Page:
Works by Emma Amos at Ryan Lee Gallery, Armory Show 2018


NEW YORK CITY WAS FLUSH with art fairs over the weekend and The Armory Show was the central attraction. Solo exhibitions featuring Sanford Biggers at David Castillo Gallery, Emma Amos at Ryan Lee Gallery, and Simphiwe Ndzube at Nicodim Gallery were among the more compelling sights. Staged March 8-11 at Piers 91 & 92, the annual mega-fair featured 198 galleries from 31 countries, including 66 new exhibitors.

Naomi Beckwith, a curator at MCA Chicago, chaired the inaugural Curatorial Leadership Summit convening more than 75 fellow curators, including Zoe Whitley of the Tate Modern, Helen Molesworth of MOCA Los Angeles, and Lauren Haynes of the Crystal Bridges Museum of American Art. Featuring works by artists Igshaan Adams and Cinga Samson, Blank Projects of Cape Town won the Presents Booth Prize, which was juried by Beckwith and collector Pamela Joyner, among others.

The following highlights feature notable works on view at booths around The Armory Show and select sales news culled from coverage published by a variety of media outlets based on self-reporting from galleries. Next year, The Armory Show is March 7-10, 2019.


Jeffrey Deitch, NY: “So Close” (2018), a monumental installation by French artist JR greeted visitors at the entrance to The Armory Show. Part of the Platform section of the fair, curated by Jen Mergel, the work features images of Syrians, refugees JR met at Zaatari camp, on the Syria-Jordan border. | Courtesy The Armory Show


READ MORE about JR’s project on Artsy. He says: “The real process of my work is to actually connect people. I wish I could bring these people here physically, but they cannot travel—they’re stuck in a camp, they can’t enter Jordan and yet can’t go back to Syria. So I’m bringing their images, and I’m bringing a discussion.”


Nicodim Gallery, Los Angeles and Bucharest, Romania: From left, Artists Naudline Pierre and SIMPHIWE NDZUBE, standing before a solo exhibition of Ndzube’s works. | Courtesy The Armory Show, Photo by BFA


Nicodim Gallery, Los Angeles and Bucharest, Romania: Installation view of Simphiwe Ndzube solo exhibition at The Armory Show 2018. | via Nicodim Gallery on Instagram


Galerie Lelong, New York, N.Y.: MILDRED THOMPSON, “String Theory 11,” 1999 (acrylic on canvas). | The Mildred Thompson Estate, Courtesy Galerie Lelong & Co., New York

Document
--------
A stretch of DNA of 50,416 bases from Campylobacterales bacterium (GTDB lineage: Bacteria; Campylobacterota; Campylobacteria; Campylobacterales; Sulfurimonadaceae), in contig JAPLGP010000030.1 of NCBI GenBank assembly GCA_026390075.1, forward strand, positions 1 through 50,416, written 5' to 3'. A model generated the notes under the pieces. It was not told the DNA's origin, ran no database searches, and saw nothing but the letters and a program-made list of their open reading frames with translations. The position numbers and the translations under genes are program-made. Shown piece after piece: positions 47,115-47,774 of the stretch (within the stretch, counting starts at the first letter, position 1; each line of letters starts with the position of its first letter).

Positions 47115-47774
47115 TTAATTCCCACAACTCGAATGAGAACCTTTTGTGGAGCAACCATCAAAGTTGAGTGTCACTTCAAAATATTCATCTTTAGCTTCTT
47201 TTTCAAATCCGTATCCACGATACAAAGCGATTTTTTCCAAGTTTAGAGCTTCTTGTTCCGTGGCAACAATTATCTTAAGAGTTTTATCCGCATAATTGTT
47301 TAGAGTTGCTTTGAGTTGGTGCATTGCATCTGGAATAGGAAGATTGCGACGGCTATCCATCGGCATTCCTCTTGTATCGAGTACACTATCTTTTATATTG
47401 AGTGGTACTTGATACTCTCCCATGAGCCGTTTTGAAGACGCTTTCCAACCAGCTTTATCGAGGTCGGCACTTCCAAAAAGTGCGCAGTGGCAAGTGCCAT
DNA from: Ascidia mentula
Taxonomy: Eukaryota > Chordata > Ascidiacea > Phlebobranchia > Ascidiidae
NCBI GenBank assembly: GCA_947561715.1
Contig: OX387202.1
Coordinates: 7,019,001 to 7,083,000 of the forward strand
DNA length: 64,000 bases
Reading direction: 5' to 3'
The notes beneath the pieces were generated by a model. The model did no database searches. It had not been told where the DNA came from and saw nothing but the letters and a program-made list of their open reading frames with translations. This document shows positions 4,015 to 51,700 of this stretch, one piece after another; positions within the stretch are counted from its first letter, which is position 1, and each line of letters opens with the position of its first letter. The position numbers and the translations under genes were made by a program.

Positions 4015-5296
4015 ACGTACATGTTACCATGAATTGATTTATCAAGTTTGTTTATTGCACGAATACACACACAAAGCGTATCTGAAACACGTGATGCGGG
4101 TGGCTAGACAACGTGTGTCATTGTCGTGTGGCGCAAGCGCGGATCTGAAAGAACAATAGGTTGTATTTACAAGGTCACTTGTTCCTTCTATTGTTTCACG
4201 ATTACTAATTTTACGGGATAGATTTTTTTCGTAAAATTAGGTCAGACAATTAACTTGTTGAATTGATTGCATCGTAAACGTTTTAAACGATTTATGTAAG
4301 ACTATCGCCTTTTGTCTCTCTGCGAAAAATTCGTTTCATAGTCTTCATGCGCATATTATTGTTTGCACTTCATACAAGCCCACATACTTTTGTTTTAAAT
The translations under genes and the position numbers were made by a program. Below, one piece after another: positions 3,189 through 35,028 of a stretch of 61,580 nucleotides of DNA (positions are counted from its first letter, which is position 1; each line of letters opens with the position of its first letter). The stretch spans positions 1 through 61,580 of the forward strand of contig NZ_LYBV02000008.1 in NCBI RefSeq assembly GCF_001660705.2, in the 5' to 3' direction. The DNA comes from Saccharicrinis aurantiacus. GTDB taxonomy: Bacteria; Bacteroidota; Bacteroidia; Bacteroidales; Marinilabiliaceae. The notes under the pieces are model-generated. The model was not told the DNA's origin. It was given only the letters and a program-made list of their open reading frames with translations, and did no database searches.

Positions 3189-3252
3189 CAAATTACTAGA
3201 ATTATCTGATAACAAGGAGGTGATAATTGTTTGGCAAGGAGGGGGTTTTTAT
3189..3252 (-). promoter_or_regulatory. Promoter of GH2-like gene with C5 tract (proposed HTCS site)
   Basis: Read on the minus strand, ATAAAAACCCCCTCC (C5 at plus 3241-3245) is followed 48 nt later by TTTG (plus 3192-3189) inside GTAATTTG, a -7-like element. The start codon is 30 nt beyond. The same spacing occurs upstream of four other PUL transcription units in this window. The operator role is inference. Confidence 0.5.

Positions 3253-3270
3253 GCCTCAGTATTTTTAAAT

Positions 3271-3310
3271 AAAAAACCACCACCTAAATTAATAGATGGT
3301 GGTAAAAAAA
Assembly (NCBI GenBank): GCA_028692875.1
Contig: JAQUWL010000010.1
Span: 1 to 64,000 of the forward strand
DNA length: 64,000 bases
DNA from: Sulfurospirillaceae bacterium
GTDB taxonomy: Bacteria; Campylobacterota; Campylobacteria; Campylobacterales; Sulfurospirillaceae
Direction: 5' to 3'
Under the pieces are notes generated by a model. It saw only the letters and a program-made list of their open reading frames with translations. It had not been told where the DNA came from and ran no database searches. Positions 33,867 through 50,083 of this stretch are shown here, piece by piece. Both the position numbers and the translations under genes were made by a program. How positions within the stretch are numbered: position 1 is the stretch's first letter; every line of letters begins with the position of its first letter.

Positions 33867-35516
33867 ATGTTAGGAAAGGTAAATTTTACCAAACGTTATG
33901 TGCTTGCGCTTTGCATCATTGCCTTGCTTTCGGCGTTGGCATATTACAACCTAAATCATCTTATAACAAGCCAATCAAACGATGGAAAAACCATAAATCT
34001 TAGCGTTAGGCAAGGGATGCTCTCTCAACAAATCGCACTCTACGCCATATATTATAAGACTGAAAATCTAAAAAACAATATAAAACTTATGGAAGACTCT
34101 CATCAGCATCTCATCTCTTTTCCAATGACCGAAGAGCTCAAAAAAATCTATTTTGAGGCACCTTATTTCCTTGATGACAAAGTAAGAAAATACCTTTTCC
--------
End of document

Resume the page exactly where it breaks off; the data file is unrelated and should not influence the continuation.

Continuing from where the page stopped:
Yancey Richardson Gallery, NY: ZANELE MUHOLI, “Fezekile IV, Cincinnati,” 2016 (silver gelatin print). | © Zanele Muholi, Courtesy The artist, Yancey Richardson Gallery, NY and Stevenson Gallery Cape Town/Johannesburg


Josh Lilley Gallery, London: From left, DEREK FORDJOUR, “No. 68,” 2018 (oil pastel, charcoal, acrylic and newspaper mounted on canvas); “No. 10,” 2018 (oil pastel, charcoal, acrylic and newspaper mounted on canvas). | Courtesy Josh Lilley Gallery


Mixed-media paintings by Derek Fordjour at Josh Lilley Gallery sold for $10,000 to 25,000 each. Memphis-born Fordjour’s parents are of Ghanaian heritage. A graduate of Morehouse College, he has a master’s in art education from Harvard University and earned an MFA in painting at Hunter College.


British-Nigerian artist Yinka Shonibare with Nicole Berry, director of The Armory Show. | Courtesy The Armory Show, Photo by BFA


David Castillo Gallery, Miami Beach, Fla.: Installation view of solo exhibition of works by SANFORD BIGGERS at Armory Show 2018. From left, with “Ghettobird Tunic” at center. | via David Castillo on Instagram


At David Castillo Gallery, “Free Radical,” a mixed-media sculpture by Sanford Biggers sold to New York collectors Carole Server and Oliver Frankel ($40,000), and “Annunciation,” quilt painting by Biggers was purchased by a major Washington, D.C.-based collection for $50,000.


David Castillo Gallery, Miami Beach, Fla.: SANFORD BIGGERS, “Ghettobird Tunic,” 1995 (bubble jacket and bird feathers, 66 x 32.5 x 17 inches). | Courtesy David Castillo Gallery